Bus routes to the Texas State campus will be altered during the next two weeks to improve services and adjust to challenges posed by road construction.
Nancy Nusbaum, interim director of transportation services, said Texas State has contracted Capital Area Rural Transportation to provide two shuttle buses for use in the Campus Loop route. The business’ buses will be added April 1 to the Campus Loop. Additionally, starting April 8 buses will be rerouted away from Sessom Drive.
Paul Hamilton, Shuttle Service manager, said these changes are being made to avoid construction on Sessom Drive, which is difficult for Texas State’s buses to navigate around.
“The construction on Sessom has made it difficult for buses to come up that corridor,” Hamilton said. “The Campus Loop (route) doesn’t have an alternative road. So, we’ve contracted with C.A.R.T.S.”
Parking at Texas State will still be more expensive next fall, but adjustments to the proposed permit prices could have on-campus residents experiencing less sticker-shock.
As parking becomes an increasingly hot commodity at Texas State, some students will have the option to purchase permits for a newly designated section of residential spaces on campus.
Nancy Nusbuam, interim director of transportation services, said 230 spaces on the top two floors of the newly constructed Edward Gary Street Parking Garage have been blocked out for residential permit holders. The permits will be sold on a first come first serve basis. Any residential or campus apartment permits that are unsold will be available for purchase on the 12th class day next fall.
Only 230 spaces will be available to students because there is a concern that not enough of people will be willing to pay the price for a residential permit, which has been renegotiated down from $575 to $485, Nusbaum said. The 230 spots were designed to be pay by the hours spaces like the rest of the garage before they were reallocated for student use.
With global attention focused on turmoil brewing in North Korea, a tech-savvy journalist is using social media to report her firsthand experience in the famously restrictive country.
Jean H. Lee, the Associated Press’ Pyongyang/Seoul bureau chief, is the only American reporter with permission to travel to North Korea regularly. She sent the first tweet and Instagram photo from the country’s new third-generation wireless network.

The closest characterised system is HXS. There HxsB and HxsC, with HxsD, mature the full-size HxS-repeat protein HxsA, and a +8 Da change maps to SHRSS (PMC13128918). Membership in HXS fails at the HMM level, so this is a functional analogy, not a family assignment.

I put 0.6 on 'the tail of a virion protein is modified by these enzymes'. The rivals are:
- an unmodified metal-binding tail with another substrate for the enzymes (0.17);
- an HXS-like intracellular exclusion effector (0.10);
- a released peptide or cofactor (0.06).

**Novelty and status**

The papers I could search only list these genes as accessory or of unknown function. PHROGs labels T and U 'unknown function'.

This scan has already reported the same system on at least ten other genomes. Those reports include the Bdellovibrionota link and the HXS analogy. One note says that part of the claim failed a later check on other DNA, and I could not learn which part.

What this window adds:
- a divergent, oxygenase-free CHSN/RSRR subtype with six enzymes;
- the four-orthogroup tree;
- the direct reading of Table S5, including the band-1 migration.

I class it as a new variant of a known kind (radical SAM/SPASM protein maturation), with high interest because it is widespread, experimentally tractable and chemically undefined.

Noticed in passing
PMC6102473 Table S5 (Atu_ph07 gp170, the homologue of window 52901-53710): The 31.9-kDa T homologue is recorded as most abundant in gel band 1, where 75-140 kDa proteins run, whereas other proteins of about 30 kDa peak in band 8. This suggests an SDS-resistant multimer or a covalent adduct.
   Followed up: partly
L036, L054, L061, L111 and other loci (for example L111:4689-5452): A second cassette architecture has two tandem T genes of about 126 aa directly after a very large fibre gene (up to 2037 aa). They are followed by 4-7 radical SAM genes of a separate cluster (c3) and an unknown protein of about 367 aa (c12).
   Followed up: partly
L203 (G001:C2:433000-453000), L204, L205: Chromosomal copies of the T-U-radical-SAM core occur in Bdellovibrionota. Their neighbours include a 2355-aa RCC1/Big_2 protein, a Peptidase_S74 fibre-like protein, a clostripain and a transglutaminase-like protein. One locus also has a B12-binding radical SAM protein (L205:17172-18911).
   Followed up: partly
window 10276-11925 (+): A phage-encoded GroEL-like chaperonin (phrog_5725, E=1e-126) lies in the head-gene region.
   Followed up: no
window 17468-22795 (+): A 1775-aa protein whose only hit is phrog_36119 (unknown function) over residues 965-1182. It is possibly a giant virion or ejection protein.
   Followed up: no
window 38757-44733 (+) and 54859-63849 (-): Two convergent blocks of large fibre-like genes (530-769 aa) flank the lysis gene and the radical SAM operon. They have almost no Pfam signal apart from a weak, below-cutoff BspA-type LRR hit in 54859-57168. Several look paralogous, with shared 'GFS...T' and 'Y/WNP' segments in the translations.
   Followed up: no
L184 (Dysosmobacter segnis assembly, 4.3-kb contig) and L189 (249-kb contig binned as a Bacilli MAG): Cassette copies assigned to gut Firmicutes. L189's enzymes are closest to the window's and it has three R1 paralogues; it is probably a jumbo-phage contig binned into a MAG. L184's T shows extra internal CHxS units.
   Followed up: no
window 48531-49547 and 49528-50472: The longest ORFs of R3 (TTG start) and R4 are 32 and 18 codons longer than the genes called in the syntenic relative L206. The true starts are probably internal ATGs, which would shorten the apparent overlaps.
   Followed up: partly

Lee provided a look into digital life beyond the DMZ, a strip of land acting as a buffer zone between North and South Korea, during a talk at South by Southwest Interactive.
Lee said it’s clear that North Korean officials have spent a lot of time trying to keep foreigner visitors separate from the locals.
“Their whole political philosophy is based on self reliance and doing everything their own way, and that extends to every part of their social structure, including the Internet,” Lee said.
Al Gore says the future holds severe environmental damage, major displacement in global power and farm animal/arachnid hybrids—but is confident the United States can provide the leadership the world needs “more than ever.”
The former vice president spoke at South by Southwest Interactive about his latest book, “The Future: Six Drivers of Global Change.” Gore’s book tackles issues facing the world that present both “peril and opportunity.” Walter Mossberg, technology columnist for the Wall Street Journal, moderated the discussion and set the tone when he described the book as “scary.”
“Our country is in very serious trouble,” Gore said. “But that does not mean I am not optimistic.”
When the blogosphere started to gain momentum in 2005, David Karp needed a blogging platform that allowed him to have an online identity to be proud of — so he created Tumblr.
Karp, founder and CEO of Tumblr, spoke at South by Southwest Interactive for a fireside chat entitled “Building Tools for Creativity.” The talk focused on the evolution of Tumblr and its role in allowing users to both create and curate content for the Web.